You have figured it out, finally! You’ve made your foam armor choice and you want to shine like a diamond. You want your armor to reflect sunlight into a laser beam to aim at your worst enemies. PERFECT, now can we make this type of reflective armor using craft products from Michaels? Yes we can and I have the tutorial for you! Let’s make your armor shine with some simple painting technique and tips.
- Michaels 4mm craft foam
- Plasti-dip in Black
- Sandpaper in 220 and 2000 grit
- PlaidFX paint in Gold Coin and Chainmail
- Various paintbrushes
- Rub n Buff in Gold Leaf and Silver Leaf
Let’s start with some 4mm foam. Before you start to paint the foam, you’ll need to seal the foam. Foam is porous and if you paint directly onto the foam, your paint will seep into the pores. Then you’ll have to paint more layers than you want. Now the new PlaidFX paint series has been created to not need the sealer and you can paint directly onto the foam.
I will suggest however, for you to seal your foam before you paint no matter what, plus having a flat color like black underneath your paint will make the colors you choose, pop! Go ahead and spray 3 layers of sealer onto your foam, I suggest Plasti-Dip in Black. Plasti-dip is an air drying, speciality rubber coating that can come in a spray foam. Many cosplayers and prop makers use this fantastic sealer as a starting point to all their foam painting projects.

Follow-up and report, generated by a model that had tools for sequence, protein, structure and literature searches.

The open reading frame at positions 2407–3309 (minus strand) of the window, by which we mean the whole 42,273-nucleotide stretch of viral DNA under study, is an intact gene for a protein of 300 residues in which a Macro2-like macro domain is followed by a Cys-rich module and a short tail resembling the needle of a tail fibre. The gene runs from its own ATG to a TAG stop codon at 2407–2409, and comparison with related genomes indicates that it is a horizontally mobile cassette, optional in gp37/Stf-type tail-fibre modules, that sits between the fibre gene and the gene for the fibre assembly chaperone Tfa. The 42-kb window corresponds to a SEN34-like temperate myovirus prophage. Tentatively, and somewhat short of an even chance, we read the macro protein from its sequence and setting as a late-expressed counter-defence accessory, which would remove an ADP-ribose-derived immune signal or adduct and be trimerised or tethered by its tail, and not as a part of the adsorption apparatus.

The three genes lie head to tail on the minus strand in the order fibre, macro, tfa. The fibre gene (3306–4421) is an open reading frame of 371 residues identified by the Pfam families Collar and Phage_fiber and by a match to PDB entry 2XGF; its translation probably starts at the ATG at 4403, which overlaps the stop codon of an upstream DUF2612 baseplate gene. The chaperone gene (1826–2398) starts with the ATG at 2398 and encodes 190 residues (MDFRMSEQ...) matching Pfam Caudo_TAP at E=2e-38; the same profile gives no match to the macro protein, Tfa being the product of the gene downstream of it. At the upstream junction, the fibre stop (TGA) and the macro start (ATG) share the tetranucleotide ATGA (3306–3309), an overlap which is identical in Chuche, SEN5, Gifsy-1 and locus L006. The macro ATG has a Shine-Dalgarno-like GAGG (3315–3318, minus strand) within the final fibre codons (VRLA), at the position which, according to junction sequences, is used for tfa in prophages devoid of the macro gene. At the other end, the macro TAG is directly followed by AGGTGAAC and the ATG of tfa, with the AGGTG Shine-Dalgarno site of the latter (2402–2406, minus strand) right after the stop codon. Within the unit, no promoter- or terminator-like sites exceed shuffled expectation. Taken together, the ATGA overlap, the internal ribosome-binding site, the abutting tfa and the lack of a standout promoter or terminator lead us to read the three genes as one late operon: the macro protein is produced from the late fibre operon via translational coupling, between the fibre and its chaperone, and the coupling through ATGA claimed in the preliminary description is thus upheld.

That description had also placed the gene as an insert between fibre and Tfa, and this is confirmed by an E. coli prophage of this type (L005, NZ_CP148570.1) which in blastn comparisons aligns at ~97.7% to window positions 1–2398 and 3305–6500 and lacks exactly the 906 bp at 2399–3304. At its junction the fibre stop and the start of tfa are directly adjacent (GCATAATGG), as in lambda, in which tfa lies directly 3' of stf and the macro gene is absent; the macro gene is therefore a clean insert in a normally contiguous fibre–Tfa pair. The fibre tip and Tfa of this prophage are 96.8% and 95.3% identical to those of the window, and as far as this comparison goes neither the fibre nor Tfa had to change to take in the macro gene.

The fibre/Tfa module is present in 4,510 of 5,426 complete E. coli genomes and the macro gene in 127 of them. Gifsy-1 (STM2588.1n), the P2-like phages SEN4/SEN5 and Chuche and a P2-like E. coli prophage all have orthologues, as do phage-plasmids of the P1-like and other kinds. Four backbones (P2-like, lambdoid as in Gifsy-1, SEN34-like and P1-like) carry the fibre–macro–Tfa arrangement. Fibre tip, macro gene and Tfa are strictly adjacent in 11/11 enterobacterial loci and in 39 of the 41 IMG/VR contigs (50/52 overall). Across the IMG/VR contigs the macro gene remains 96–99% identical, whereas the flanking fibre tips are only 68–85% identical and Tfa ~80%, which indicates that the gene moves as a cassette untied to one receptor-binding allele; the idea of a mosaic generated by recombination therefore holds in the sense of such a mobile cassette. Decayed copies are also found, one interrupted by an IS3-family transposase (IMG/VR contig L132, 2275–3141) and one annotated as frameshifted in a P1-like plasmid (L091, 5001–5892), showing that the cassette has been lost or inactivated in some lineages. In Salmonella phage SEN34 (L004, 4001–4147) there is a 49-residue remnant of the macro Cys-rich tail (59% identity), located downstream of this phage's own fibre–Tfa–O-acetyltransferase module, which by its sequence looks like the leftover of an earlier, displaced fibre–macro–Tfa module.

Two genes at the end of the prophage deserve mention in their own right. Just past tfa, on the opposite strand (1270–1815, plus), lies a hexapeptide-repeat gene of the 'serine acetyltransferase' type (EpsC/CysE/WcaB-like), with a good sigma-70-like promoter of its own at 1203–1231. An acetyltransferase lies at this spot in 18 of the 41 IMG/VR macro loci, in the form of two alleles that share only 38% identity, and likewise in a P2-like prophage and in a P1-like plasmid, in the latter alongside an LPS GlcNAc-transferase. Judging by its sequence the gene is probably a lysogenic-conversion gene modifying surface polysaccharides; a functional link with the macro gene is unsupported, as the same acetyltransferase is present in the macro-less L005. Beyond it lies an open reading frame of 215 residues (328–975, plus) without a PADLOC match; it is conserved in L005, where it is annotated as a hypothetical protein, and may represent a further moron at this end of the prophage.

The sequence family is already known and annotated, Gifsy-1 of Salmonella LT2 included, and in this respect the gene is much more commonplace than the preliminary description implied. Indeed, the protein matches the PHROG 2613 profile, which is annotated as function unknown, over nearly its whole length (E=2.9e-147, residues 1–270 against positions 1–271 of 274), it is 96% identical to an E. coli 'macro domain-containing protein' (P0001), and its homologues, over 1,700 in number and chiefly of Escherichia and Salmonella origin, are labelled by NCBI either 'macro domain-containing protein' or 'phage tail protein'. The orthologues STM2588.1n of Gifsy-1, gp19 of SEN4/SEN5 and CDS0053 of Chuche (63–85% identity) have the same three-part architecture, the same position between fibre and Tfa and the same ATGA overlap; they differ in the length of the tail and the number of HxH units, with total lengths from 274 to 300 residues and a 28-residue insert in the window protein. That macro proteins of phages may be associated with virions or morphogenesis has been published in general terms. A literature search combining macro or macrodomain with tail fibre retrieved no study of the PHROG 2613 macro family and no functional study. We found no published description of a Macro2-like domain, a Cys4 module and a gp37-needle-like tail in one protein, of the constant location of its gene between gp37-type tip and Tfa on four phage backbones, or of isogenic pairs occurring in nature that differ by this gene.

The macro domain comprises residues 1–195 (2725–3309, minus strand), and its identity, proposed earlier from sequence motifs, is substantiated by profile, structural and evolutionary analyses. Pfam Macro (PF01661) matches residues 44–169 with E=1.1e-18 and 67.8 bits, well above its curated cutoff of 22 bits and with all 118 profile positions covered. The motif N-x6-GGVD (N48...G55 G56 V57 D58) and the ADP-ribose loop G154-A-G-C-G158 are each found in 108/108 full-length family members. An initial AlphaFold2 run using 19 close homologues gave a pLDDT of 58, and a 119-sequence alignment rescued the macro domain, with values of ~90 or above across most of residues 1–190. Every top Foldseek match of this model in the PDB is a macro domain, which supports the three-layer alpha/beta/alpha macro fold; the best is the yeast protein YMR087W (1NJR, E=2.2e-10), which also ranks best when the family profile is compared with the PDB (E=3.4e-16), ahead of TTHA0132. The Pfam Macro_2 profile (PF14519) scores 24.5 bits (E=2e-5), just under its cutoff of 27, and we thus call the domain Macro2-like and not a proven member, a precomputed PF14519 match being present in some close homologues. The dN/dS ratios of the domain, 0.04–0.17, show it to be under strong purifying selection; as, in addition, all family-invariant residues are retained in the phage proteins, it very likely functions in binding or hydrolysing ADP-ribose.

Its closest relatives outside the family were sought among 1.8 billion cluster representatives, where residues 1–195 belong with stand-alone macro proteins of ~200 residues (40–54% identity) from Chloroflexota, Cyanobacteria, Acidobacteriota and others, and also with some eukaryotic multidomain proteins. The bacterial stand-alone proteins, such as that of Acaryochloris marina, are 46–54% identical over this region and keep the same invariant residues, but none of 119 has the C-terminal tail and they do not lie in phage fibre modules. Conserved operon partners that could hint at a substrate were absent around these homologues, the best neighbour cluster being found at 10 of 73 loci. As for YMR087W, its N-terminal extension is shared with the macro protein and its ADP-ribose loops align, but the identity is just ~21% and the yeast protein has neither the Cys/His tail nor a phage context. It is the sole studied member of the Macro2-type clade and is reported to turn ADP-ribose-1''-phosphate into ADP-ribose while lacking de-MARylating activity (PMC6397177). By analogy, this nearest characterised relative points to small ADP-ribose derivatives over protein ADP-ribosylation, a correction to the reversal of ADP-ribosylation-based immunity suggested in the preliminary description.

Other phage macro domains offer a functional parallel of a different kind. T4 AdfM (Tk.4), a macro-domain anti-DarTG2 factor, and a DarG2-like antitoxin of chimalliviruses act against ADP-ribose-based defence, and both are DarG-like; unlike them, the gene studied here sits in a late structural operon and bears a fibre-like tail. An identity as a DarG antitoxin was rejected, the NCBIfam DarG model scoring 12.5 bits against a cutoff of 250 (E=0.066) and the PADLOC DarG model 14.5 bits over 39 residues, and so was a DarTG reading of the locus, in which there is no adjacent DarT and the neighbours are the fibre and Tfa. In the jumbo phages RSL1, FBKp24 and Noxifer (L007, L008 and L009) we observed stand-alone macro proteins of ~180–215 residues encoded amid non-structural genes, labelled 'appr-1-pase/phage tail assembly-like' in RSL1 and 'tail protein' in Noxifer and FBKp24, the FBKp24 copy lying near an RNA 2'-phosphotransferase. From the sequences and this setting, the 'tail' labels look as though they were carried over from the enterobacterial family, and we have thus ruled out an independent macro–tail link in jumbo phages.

Once your foam is sealed and dry, we are going to sand it now. Here I have two examples to show you why sanding is important when trying to make your foam armor shiny and reflective. You can use various grits of sandpaper on your foam, just make sure you finish with a buffing sandpaper, something in the 1,000+ grit range. I’m using a 220 grit first then finishing the foam with a 2000 grit. You will begin to see the difference as soon as you start grinding on that foam.
This sanding technique is key! Don’t skip it unless you want the texture of the foam and sealer combo. Totally up to you, but in my opinion, let’s try to get that foam looking seamless. The bottom foam piece pictured here is not sanded. The top foam piece is sanded.
Next grab your paint, I’m using PlaidFX’s metallic FX paint in Gold Coin and Chainmail here. The rest is down hill, just start painting!
I did 4 to 5 coats of paint and waiting each layer to fully dry in between. I used a flat edge brush to apply the paint. I worked the paint to the best of my ability to get it looking seamless without too many paint-strokes. If you are finding that your paint is leaving too many paint strokes, try an airbrush! Click this link here to view a tutorial from PlaidFX on how to push their paints through an airbrush.
The last detail I did is purely optional but I love the look of a complete seamless finish. I took some Rub n Buff wax paint in the similar colors to my base paint and applied it to the center, see below.
Rub n Buff is a wax based paint that is meant to be “buffed” on. With the buffing motion, you will fill in all the leftover pores and any imperfections your foam is bearing. You also will want to wear a respirator while using Rub n Buff, the paint can give off fumes and no one wants a chemical headache.
Take a look at that shiny piece of foam! Wow! Last bit, give it a spray with a shiny top coat of your choosing and your armor is ready for battle or just the convention floor. Happy painting!